According to NaNoWriMo mythology the dragon arrives during week two–also known as ‘the week two terror’ or the ‘week two blues.’ For many writers there is a slowing of progress. Others hit a wall. My week two terror came at the end of day four when I had exhausted my notes. And inspiration? I think it said it was going out for a smoke. I tried killing a principle character and took the next day off—the day TWiG meets, the writers’ group to which I belong.
Lesson # 3: Writing 5,000 words a day is possible. But it pays to push away from the keyboard from time to time. Inspiration sometimes waits for you to look out a different window, or to prepare a meal, or to tend to the fire in the wood stove.
The writing became difficult when scenes played themselves out and I had little idea of what would happen next. I was tempted by my usual distractions. I was tempted to cruise the web, google nagging but superficial and irrelevant questions, and delete emails from my 2011 inbox, and I saw them for what they were–distractions. I was tempted, but I forced myself to focus. I told myself that I could attend to those things after I had met my daily goal. Overcoming the week two terror meant pushing through, meant getting the words down, however imperfect or seemingly irrelevant. It meant pushing through the untamed brush and brambles to get to the clearing and to rediscover the path. It meant silencing once again the internal editor that wanted to yell, “Where are you going? That’s got nothing to do with the story? Stop. Stop. Think it through.” But therein lies another obstacle; thinking is also a distraction and it can lead to dead ends. I had to stop thinking and write. Just write and get words down. And what I wrote had, eventually, everything to do with the story. (I may have to revise that view later when I get down to editing.)
I crossed the finish line of 50,000 words on the morning of November 11, Bahá’u’lláh’s birthday, and the day our supply of wood ran out. 50,000 words is no guarantee of a narrative arc; the attainment of 50K doesn’t hold the promise of a coherent beginning, middle, and end. And I was surprised to see the arc and the ending appearing about this time. I didn’t like the ending and wrote another. At 50,928. I was happy. I had written the draft of the novel in ten days, about thirteen single-spaced pages a day.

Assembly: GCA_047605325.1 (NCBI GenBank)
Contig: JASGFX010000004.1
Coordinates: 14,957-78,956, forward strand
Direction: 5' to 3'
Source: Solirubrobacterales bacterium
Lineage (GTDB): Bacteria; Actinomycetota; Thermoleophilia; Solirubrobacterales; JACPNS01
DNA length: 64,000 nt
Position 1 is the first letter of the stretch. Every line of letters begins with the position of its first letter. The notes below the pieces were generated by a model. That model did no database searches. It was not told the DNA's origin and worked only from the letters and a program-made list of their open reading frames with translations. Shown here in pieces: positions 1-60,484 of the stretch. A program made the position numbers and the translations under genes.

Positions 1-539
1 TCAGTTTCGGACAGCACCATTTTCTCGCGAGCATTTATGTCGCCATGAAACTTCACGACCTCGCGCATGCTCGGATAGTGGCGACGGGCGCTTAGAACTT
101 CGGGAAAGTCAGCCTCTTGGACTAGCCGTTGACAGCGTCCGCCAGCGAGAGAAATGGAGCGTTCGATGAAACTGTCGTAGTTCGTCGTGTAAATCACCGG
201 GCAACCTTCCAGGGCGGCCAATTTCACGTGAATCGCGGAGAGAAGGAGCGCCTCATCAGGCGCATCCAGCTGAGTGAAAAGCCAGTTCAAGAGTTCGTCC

I now wish I had undertaken the NaNoWriMo exercise years ago. What I have learned will change my approach to my other “unfinished novels.” I will halt the editor that waits with the polishing cloth, until all the chapters are drafted. He stands by, ready to grab each word and eager to massage every sentence as it streams raw upon the page. He’ll just have to wait.
I have enjoyed the benefits of 15 minute free writing exercises and likes of morning pages, but until NaNoWriMo, I had not considered the long-haul, thirty-day free write. But doesn’t it make sense. The trouble is…
Experience tells me that for every hour of generative writing, I need to spend four in editing. Having drafted my NaNoWriMo novel in ten days, I will let it sleep awhile. And when I pick it up again, I will have to stock up on coffee beans and wood for the stove and be prepared to retreat into its wilderness for forty days.